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What Does an Energy Auditor do?

Job Opportunities for Facilities Managers

You may be most familiar with the term "audit" in the context of a financial review. While one goal of energy audits is dollar savings, energy auditors are reviewing the inflows and outflows of energy in buildings rather than dollars in monetary accounts. A fiscal auditor ensures that your budget is sound from the standpoint of economics and finance; an energy auditor ensures that your building is sound from the standpoint of physics.

How do you become an energy auditor? One first step can be a degree in Facilities Management or Residential Energy Management.

According to O*Net, Energy Auditors "Conduct energy audits of buildings, building systems, or process systems." They "May also conduct investment grade audits of buildings or systems." O*Net lists the following job-specific tasks:

  • Identify and prioritize energy saving measures.
  • Prepare audit reports containing energy analysis results or recommendations for energy cost savings.
  • Collect and analyze field data related to energy usage.
  • Inspect or evaluate building envelopes, mechanical systems, electrical systems, or process systems to determine the energy consumption of each system.
  • Perform tests such as blower-door tests to locate air leaks.
  • Educate customers on energy efficiency or answer questions on topics such as the costs of running household appliances or the selection of energy efficient appliances.
  • Calculate potential for energy savings.
  • Prepare job specification sheets for home energy improvements, such as attic insulation, window retrofits, or heating system upgrades.
  • Recommend energy efficient technologies or alternate energy sources.
  • Quantify energy consumption to establish baselines for energy use or need.

O*Net reports that Energy Auditors use tools such as:

  • Air velocity and temperature monitors — Air current testers; Draft gauges
  • Leak testing equipment — Blower doors; Smoke generators; Smoke pens
  • Multi gas monitors — Combustible gas monitors; Flue gas analyzers
  • Multimeters — Digital multimeters
  • Two way radios

O*Net reports the following technology used in this occupation:

  • Analytical or scientific software — Architectural Energy Corporation ENFORMA Building Diagnostics; Enercom Energy Depot for Business; Psychrometric chart software; The Weatherization Assistant *
  • Data base user interface and query software — Abraxas Energy Consulting Metrix; dBASE; Microsoft Access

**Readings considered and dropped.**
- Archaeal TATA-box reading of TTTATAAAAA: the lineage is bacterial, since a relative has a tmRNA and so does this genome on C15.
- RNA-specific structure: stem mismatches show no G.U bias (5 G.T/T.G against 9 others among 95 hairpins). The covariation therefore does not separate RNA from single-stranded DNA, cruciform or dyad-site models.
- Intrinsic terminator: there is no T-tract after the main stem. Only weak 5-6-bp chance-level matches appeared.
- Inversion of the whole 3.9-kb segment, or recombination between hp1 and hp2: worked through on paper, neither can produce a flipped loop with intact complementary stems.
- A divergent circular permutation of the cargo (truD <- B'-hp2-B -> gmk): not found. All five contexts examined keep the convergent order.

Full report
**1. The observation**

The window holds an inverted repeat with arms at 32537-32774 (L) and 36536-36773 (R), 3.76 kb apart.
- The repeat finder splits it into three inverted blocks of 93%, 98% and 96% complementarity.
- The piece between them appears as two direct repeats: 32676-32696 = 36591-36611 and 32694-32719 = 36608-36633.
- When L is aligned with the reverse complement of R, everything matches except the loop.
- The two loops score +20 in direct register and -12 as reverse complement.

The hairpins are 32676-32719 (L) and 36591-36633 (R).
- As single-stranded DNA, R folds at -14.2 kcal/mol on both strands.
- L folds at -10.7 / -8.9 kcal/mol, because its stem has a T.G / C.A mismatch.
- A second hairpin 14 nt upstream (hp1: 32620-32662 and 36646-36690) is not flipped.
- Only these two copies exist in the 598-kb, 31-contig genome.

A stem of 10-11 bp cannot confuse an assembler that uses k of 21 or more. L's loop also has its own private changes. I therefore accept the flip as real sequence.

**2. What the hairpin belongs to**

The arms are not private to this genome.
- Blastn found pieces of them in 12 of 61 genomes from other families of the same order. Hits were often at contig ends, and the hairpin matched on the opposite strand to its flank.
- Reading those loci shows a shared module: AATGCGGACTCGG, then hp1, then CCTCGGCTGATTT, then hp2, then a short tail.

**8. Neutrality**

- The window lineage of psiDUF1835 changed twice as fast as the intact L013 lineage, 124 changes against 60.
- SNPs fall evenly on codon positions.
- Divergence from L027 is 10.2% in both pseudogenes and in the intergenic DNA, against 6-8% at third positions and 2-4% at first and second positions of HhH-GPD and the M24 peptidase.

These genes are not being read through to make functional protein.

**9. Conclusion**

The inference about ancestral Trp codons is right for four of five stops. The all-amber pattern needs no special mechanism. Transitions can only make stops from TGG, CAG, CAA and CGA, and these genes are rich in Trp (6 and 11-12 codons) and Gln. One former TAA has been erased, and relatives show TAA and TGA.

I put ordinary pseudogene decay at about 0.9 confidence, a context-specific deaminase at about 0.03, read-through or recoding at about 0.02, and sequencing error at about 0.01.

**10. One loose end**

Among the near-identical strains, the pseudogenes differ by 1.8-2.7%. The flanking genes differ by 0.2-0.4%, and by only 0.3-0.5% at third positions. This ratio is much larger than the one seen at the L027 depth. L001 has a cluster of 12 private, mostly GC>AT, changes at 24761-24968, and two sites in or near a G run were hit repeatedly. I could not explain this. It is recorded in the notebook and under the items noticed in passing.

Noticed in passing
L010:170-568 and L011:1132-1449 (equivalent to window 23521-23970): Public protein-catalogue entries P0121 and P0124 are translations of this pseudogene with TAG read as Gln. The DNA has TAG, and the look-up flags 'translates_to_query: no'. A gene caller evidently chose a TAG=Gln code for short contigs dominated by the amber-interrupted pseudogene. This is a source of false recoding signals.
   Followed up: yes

• Electronic mail software — Microsoft Outlook
  • Internet browser software — Microsoft Internet Explorer *; Web browser software
  • Spreadsheet software — Microsoft Excel

Recently, I had an energy audit conducted of my own home. Tests like the "blower door" mentioned above indicated significant air leakage – and thus, heating or cooling energy wasted. After the holes were identified and plugged, energy experts installed additional insulation as well as a new, energy-efficient heating and cooling unit that was made affordable by a state-based energy efficiency grant/loan program. Last month, utility bill comparison site MyEnergy dot com rated my home as using 36% less energy than average for my locale, for a savings of more than $70 on a single month’s energy bill!

At Ecotech Institute, we train Energy Auditors for both industrial/commercial (Facility Management Technology) and residential business sectors. Here is Residential Energy Management Program Director Tiffany Burton talking about some of the skills students learn in their training:

"Ecotech Institute is a great school for people that are looking to find a new beginning, a new opportunity." ~John Wiseman, Residential Energy Management student

Kyle G. Crider (MPA, LEED AP ND) is a professional science and sustainability "story teller." In his spare time he is pursuing his Ph.D. in Interdisciplinary (Environmental Health) Engineering and traveling the highways and by-ways of home state with his wife Beverly in search of fact, fiction, and folklore for Strange Alabama.